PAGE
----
Why Is Fructose Bad For You? The Bitter Truth
Dr. Robert H. Lustig is a pediatric endocrinologist, an expert on obesity in children and a very talented speaker. He's also the man who brought the dangers of fructose into mainstream attention.
His presentation above, Sugar: The Bitter Truth, is a 90 minute lecture that delves deep into the science and biochemistry behind fructose consumption, with over 6 million views.
This video is a must watch. I've seen it 3 times already and it is about as entertaining as a movie in my opinion. He also published a bestselling book on sugar called Fat Chance.
Sugar (sucrose) and high fructose corn syrup both supply a significant portion of the total calories in a standard western diet.
They both consist of two simple sugars: glucose and fructose.
Glucose also comes from starches like potatoes, our bodies produce it and every cell on earth has glucose in it. Glucose is a molecule absolutely vital to life.
Fructose, however, is not. Humans don't produce fructose and throughout evolutionary history have never consumed it except seasonally when fruit were ripe.
Glucose and fructose are metabolized very differently by the body.
The key thing to realize, is that while every cell in the body can use glucose, the liver is the only organ that can metabolize fructose in significant amounts.
When people eat a diet that is high in calories and high in fructose, the liver gets overloaded and starts turning the fructose into fat.
Lustig and other scientists believe that excess fructose consumption may be a key driver of many of the most serious diseases of today. These include obesity, type II diabetes, heart disease and even cancer.
Eating a lot of fructose in the form of added sugars may:
- Make your liver synthesize fats, which are exported as VLDL cholesterol, which leads to dyslipidemia (high blood triglycerides and cholesterol), fat around the organs and ultimately, heart disease (1, 2).
- Increase blood levels of uric acid, leading to gout and high blood pressure (3, 4).
- Cause deposition of fat in the liver, potentially leading to non-alcoholic fatty liver disease (5, 6).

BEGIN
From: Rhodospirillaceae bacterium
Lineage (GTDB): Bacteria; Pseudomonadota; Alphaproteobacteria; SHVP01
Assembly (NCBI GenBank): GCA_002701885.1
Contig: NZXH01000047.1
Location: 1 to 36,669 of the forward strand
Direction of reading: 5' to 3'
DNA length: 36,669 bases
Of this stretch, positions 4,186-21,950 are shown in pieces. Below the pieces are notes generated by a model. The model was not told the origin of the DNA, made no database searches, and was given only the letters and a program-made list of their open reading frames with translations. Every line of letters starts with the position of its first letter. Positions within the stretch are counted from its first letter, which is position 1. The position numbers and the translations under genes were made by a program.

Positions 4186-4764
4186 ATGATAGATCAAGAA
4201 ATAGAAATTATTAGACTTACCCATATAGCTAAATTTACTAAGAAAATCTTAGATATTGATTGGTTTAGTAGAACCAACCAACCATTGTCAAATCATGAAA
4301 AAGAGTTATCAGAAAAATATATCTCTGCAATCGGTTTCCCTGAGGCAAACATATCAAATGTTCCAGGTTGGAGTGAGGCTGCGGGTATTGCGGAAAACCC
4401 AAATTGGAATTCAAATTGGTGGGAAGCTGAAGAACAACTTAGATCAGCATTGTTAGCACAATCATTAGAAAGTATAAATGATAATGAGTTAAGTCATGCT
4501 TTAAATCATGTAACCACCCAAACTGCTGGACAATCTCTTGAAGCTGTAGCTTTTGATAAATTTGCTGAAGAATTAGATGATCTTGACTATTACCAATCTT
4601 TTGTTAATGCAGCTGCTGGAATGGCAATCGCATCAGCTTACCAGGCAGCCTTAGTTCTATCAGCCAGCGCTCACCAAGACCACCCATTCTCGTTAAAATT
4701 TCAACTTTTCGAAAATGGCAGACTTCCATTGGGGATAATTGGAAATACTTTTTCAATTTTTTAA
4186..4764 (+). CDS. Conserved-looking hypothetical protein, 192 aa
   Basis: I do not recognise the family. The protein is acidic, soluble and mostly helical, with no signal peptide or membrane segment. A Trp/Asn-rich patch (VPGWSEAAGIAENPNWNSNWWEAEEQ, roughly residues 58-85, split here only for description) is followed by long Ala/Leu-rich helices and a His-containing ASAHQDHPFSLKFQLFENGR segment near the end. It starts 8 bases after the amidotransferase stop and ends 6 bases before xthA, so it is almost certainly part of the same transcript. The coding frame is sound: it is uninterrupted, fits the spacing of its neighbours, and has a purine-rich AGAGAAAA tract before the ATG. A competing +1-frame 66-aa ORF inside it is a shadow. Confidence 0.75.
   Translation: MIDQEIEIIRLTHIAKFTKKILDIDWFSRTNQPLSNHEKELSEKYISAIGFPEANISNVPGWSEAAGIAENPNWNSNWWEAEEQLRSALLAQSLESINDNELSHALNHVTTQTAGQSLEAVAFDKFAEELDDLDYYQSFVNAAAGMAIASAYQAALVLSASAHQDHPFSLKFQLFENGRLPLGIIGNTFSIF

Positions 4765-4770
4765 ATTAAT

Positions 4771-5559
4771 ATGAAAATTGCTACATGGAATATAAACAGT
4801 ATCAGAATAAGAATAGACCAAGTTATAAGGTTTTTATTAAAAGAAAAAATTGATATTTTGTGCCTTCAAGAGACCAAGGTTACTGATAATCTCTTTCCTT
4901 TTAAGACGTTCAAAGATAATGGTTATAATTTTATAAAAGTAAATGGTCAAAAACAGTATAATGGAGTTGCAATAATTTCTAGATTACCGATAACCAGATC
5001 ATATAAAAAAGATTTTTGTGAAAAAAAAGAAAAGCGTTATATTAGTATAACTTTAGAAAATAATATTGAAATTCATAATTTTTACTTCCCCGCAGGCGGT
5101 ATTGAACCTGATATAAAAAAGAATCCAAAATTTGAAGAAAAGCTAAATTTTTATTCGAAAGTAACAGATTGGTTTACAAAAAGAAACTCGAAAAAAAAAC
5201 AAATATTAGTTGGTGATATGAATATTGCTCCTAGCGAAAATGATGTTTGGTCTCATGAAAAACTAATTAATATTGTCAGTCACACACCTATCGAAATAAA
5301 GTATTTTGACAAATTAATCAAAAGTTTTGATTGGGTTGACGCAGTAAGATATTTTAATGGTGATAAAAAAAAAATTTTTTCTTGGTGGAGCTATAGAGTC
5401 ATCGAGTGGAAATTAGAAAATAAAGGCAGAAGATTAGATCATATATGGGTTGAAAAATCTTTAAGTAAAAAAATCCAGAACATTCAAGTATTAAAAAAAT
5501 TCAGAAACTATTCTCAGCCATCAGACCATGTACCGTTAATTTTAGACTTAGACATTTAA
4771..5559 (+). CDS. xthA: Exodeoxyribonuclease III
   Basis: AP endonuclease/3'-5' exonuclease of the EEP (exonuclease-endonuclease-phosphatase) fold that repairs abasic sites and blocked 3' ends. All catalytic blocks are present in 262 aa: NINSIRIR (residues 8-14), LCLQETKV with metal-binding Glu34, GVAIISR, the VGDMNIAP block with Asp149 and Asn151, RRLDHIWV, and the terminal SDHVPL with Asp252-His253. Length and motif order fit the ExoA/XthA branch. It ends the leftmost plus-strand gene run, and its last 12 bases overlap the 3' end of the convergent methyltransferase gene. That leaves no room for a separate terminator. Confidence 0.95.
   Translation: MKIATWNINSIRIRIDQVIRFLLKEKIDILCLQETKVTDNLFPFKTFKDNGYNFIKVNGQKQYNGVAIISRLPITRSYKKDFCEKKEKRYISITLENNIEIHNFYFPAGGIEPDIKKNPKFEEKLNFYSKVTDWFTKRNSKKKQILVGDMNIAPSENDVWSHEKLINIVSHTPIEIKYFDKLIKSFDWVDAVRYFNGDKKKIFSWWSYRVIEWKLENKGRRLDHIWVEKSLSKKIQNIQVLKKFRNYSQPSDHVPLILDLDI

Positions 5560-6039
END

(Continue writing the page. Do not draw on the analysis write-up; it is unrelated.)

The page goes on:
- Cause insulin resistance, which can lead to obesity and type II diabetes (7, 8).
- Insulin resistance leads to elevated insulin and insulin like growth factor (IGF-1) in the entire body, which may ultimately cause cancer (9, 10).
- Fructose doesn't affect satiety in the same way as glucose, making you eat more total calories automatically if your fructose intake is high (11).
- Excess fructose consumption may cause leptin resistance, disturbing body fat regulation and contributing to obesity (12, 13).
- Sugar may be addictive (14).
Leptin resistance, elevated insulin and addictive cycles of cravings and binge eating are a recipe for fat gain.
If potentially leading to obesity, cancer, heart disease and diabetes isn't reason enough to stop eating added sugars, I don't know what is.
Be aware that not all of this has been proven beyond a shadow of a doubt in controlled trials, but the evidence is still very strong and more studies will paint a clearer picture in the coming years and decades.
It's important to realize that all of this does not apply to whole fruit.
Fruits aren't just watery bags of fructose, they are real foods with a low energy density and lots of fiber.
They're hard to overeat on and you would have to eat very large amounts to reach harmful levels of fructose. In general, fruit is a minor source of fructose in the diet compared to added sugars.
The harmful effects of fructose apply to a western diet supplying excess calories and added sugars. It does not apply to the natural sugars found in fruits and vegetables.